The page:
iSSi STOMP pedal review

Affordable and durable flat pedals with secure traction

Pedals
iSSi STOMP pedal review

The iSSi STOMP flat pedals looks great and provides great traction and pedaling efficiency.

What is it

The iSSi STOMP flat pedals provide a large platform and excellent traction for secure descending and efficient pedaling. With a full-length axle, two bearings, and a bushing the iSSi STOMP are made for the long haul, though the wide stance can snag on rocks in tight spots, meaning they are not be the best pedal for slower, technical riding.

Pros
  • Great grip and large platform
  • Two sealed bearings, a bushing, and a full chrome-moly axle for durability
  • Cool colors on offer
Cons
  • Taller stack height than some competitors
  • Wider stance supports foot well but also strikes more in tight confines
Mtbr’s Take
iSSi STOMP pedal review

The iSSi STOMP isn’t as thin at Race Face’s Atlas pedal but it does feature reversible pins for adjustable traction.

Flat pedal options abound and there are loads of great models out there. Among them is the new iSSi STOMP. With a full-length chromoly axle, two sealed bearings, and a bushing, the iSSi STOMPs are built with durability in mind. The anodized finish on the aluminum pedal body pops nicely and laser-etched graphics lend a bit of flair. Offered in black, plum, lime, and blue anodized, the iSSi STOMP has a fairly traditional pedal shape.

The pins on the iSSi STOMPs are reversible, with 5.5mm or 4.5mm lengths depending on orientation. There are 11 per side. I ran the pins in the stock set-up with longer option at the front and back of the pedal, and lower pins in the center. This offered a more concave shape to the pedal. It worked nicely for me during mixed riding that included long climbs and technical descents.

This arrangement also meant that adjusting my foot on the pedal was easy while pedaling. For those seeking maximum shoe retention, flipping the center four pins is a good option.

iSSi STOMP pedal review

Two sealed bearings, a bushing, and a full-length chrome-moly spindle should make a durable pedal.

If you’re concerned with biomechanics, the iSSi STOMP’s pedal body is 18mm thick at the axle. But because of the full-length axle they can’t get as thin as flat pedal models with a partial axle. For comparison, Race Face’s Atlas pedals are 13mm at the axle. This isn’t a huge concern for me, but I will adjust my seat height as pedal dimensions change.

The dimension that troubled me a bit more was the width of the iSSi STOMPs. The pedal bodies measure a fairly large 107mm wide and 120mm long. This, combined with 11 pins per side and a gentle 2mm of body concavity provides loads of shoe traction. Pedaling also feels exceptionally efficient with your shoe so well supported.

But from where the pedal meets the crank to the outside of the pedal body is 119mm. The pedal body also have a very square shape so it has corners at the front and rear that can catch on rocks and roots more easily than tapered designs. In wide-open terrain this isn’t a concern. But in tighter confines and squeezing through rocky pinch points, it certainly kept me alert.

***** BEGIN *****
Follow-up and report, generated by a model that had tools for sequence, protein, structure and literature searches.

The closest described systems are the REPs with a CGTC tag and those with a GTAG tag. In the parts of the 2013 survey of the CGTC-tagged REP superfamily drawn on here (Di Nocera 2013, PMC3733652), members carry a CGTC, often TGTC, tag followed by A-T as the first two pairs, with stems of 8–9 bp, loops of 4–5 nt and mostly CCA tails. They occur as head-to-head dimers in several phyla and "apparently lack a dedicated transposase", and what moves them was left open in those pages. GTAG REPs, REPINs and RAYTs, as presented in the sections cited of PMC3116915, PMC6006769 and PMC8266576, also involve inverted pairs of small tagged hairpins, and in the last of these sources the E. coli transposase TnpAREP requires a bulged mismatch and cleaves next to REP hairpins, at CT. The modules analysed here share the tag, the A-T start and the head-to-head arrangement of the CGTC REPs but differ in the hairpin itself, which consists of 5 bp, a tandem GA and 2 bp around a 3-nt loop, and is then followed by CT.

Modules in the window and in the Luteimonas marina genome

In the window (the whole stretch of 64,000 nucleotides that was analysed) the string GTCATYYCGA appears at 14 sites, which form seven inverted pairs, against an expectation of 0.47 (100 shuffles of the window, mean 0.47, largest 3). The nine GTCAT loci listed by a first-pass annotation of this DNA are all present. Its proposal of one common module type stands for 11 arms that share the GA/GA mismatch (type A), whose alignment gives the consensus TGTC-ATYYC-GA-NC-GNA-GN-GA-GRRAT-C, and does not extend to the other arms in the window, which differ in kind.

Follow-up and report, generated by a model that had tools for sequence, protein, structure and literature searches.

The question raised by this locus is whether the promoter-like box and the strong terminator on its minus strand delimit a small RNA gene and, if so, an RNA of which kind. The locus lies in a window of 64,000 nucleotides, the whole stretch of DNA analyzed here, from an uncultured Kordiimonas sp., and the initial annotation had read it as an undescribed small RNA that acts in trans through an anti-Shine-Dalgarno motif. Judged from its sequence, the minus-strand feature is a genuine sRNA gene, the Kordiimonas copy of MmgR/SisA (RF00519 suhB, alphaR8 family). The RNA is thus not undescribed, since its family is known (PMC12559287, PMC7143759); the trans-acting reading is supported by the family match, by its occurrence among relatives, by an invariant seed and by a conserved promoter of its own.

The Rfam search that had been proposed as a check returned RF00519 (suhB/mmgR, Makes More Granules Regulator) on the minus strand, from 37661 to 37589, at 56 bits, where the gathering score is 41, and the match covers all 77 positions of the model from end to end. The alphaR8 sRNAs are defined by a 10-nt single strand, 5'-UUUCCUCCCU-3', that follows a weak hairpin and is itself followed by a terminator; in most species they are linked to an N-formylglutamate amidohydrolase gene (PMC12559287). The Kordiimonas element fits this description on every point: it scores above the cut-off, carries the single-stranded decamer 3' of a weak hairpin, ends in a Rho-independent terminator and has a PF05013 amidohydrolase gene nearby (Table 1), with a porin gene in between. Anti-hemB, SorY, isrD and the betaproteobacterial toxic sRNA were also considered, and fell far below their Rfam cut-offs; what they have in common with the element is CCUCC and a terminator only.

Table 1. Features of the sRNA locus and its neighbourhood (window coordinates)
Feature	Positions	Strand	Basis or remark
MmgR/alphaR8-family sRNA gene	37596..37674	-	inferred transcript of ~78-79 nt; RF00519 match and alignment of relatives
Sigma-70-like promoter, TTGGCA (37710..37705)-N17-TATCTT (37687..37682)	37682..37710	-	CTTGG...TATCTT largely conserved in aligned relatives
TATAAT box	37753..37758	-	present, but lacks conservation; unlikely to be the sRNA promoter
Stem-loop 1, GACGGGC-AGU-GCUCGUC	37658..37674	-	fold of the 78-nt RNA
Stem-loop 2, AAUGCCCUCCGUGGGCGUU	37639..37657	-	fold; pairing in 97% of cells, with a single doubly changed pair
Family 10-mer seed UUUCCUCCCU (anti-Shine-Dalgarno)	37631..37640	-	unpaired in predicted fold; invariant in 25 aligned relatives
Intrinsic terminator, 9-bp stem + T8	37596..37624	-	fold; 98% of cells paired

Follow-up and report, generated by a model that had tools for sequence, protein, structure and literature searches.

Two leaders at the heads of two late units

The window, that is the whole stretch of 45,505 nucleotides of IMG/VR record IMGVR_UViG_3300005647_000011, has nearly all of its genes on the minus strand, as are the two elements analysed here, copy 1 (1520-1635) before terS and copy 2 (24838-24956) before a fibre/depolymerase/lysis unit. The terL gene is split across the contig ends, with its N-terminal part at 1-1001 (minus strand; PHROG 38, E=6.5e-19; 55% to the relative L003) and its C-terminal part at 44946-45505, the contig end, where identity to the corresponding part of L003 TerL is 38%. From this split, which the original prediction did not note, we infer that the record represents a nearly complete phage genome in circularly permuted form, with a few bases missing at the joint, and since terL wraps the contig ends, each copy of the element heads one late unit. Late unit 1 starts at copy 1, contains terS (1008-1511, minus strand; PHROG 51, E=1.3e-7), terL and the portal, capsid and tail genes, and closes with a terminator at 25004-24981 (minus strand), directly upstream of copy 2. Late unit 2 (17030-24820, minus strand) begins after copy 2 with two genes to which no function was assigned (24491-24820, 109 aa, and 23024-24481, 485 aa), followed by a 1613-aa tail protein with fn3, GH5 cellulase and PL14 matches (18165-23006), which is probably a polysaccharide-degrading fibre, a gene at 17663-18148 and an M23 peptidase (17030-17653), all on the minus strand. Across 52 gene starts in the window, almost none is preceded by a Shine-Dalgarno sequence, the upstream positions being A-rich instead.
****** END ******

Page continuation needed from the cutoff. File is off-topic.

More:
The width of the iSSi STOMPs measures similarly to Shimano’s old Saint pedal. Race Face’s Atlas is slimmer though at 114mm. Its narrower width, combined with its thinner pedal body, makes for a lower number of pedal strikes (at least for me it does).

iSSi STOMP pedal review

The added width and squared shape of the iSSi STOMP makes for frequent pedal strikes. Though, as seen on the Atlas pedals pictured, pedal strikes are simply a part of mountain biking.

Where the iSSi STOMPs earn a few points back though is in price. Retailing for $115, they are $65 less than the Race Face model used here for comparison. With their durable construction, I think this pricing is fair, though I wouldn’t call them a bargain.

In the weight department, the iSSi STOMPs, at 470 grams a pair, aren’t impressively light nor are they crank anchors. The full axle construction and large platform are going to add weight. But if you’re looking for maximum foot support, weight probably doesn’t rank at the top of your decision-making list. Again, as with pricing, they fall right in the middle of most of their competition.

If you ride in wide-open conditions, use a lift to bypass slow, technical climbs, or have the skills to simply jump pinch points, then the iSSi STOMPs are a great, durable option. While they aren’t the least expensive on the market, they are made to last. If you ride flats and enjoy low-speed, technical trails, you’ll want to look elsewhere for a thinner, narrower pedal.

Rating: 3.5 out of 5
Price: $115
More Info: rideissi.com


About the author: Nick Legan

Nick Legan is happiest with some grease under his nails and a long dirt climb ahead. As a former WorldTour team mechanic, Legan plied his trade at all the Grand Tours, Spring Classics, World Championships and even the 2008 Beijing Olympics. In recent years, gravel and ultra-distance racing has a firm grip on Legan’s attention, but his love of mountain biking and long road rides hasn’t diminished. Originally a Hoosier, Legan settled in Boulder, Colorado, 14 years ago after finishing his time at Indiana University studying French and journalism. He served as the technical editor at VeloNews for two years and now contributes to Adventure Cyclist, Mtbr and RoadBikeReview. To follow along on Legan’s cycling adventures, find him on Instagram at @nlegan and be sure to check out his new book Gravel Cycling: The Complete Guide to Gravel Racing and Adventure Bikepacking.


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